Recently I listened in on a conversation about the negative effects of coddling those without resources. The participants were all personal friends. One runs a successful small business. He works hard at his job. He is devoted to his family, and volunteers his time freely to worthy causes.
He expressed frustration towards people who expect to be reasonably comfortable without working hard in return. I agree with him, mostly.
Take the current debate over whether to increase the minimum wage. The current federal minimum is $7.25 (per hour), and that’s the minimum rate in eighteen states, including Idaho. But 34 states pay more. Washington has the nation’s highest state minimum wage at $13.50.
A full-time job paying $13.50 per hour would mean an annual income of just over $28,000 per year, which sounds pretty good if you’re working for an Arctic Circle in Spokane.
My friend points out—I think correctly—that the fallacy in these numbers is that burger assembly jobs at fast food joints simply aren’t designed to create middle class income. The DQ, etc., is where kids go to learn useful real-world skills like hard work, reliability, courtesy, getting along with different types of people, and taking responsibility for your actions.
Get all those youthful lessons learned, then combine it with some advanced education, and, so the theory goes, you’re on your way to success.
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And besides, my friend also points out—again correctly—that as the minimum wage climbs, so does the cost of doing business, which causes prices to go up, and the effect of the high hourly rate fades away.
So, yeah, I get all of that. I also understand that well-meant welfare payments to jobless, handicapped, or extremely low-income people may encourage a small percentage of them to sit tight and enjoy the free cash on my tax dime.
But what concerns me most in our modern financial blender is the steadily dwindling number of next-step-up jobs that can provide a way out of the minimum-wage rut. As the middle class continues to shrink due to vanishing factory jobs and the “operational efficiencies” provided by the digital revolution that allow managers to maximize profits by cutting employees (and the benefits of those who remain), there are far fewer next-step-up jobs than there used to be.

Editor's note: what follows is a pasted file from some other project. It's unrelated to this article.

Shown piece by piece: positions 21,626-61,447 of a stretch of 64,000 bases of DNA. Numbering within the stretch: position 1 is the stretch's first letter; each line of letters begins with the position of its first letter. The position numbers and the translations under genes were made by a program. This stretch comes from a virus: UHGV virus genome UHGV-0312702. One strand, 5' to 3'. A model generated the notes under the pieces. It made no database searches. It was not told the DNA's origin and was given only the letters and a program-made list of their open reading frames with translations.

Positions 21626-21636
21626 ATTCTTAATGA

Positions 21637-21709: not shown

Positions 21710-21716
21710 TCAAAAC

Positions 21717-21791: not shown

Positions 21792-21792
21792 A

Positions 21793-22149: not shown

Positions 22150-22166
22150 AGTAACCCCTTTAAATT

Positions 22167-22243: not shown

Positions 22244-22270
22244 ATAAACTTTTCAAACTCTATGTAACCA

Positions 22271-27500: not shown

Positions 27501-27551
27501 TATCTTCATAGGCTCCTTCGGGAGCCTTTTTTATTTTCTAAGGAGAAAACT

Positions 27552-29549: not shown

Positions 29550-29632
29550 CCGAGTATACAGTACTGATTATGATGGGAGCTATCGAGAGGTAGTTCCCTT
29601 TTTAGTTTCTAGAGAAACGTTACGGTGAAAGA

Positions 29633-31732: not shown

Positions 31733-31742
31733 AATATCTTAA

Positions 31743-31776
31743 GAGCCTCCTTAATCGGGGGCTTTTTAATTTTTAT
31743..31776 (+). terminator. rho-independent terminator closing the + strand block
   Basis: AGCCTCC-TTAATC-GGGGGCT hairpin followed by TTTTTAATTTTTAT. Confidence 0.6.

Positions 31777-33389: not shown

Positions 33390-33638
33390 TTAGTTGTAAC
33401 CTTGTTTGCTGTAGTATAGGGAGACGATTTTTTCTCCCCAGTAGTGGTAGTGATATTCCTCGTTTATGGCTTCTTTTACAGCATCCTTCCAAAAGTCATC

Combine this lack of mid-range jobs with the dwindling number of full-time jobs in general, then kick in the high costs of college, and the current average student loan debt of $32,000 per student, and I think today’s workers face generationally unique problems that we simply haven’t seen before.
Where will it all lead? I can’t say. It’s true that trade and construction jobs are going begging, and offer great salaries with far fewer years of specialty education required. But admittedly they aren’t the glamorous tech jobs our youth grow up seeing in the movies.
To the young I’d say this: No matter what your favorite YouTube channels and podcasts suggest, there is no alternative to hard work. High-paying jobs that consist of sitting in front of a computer screen doing vague but fantastically entertaining work, with plenty of time left over for gossiping in the office with people just as hip as you, don’t really exist. Discovering your passion, getting educated, working like a beast, and then moving up through the ranks is still the only reliable way to succeed. You have as much chance of stumbling into tech-provided riches as you do of playing in the NBA.
But to those who are older, I think we need to understand that these days there are newly-widened gaps between the rungs on the ladder of success that make climbing it more difficult than ever. And there may be many young people willing to put in the work and get the education, only to find that the costs are unmanageable, and the opportunities within reach too few. The social costs of such discouragement may be very steep.
In the end, it seems likely to me that for the first time in a century, the next generation will not be living as well as the generation preceding it. One thing’s certain: it’s going to be a bumpy ride.
Chris Huston is an author and award-winning columnist living in the Magic Valley. Connect with Chris on Facebook and Instagram at Chris Huston-Finding My Way and at chrishustonauthor.com.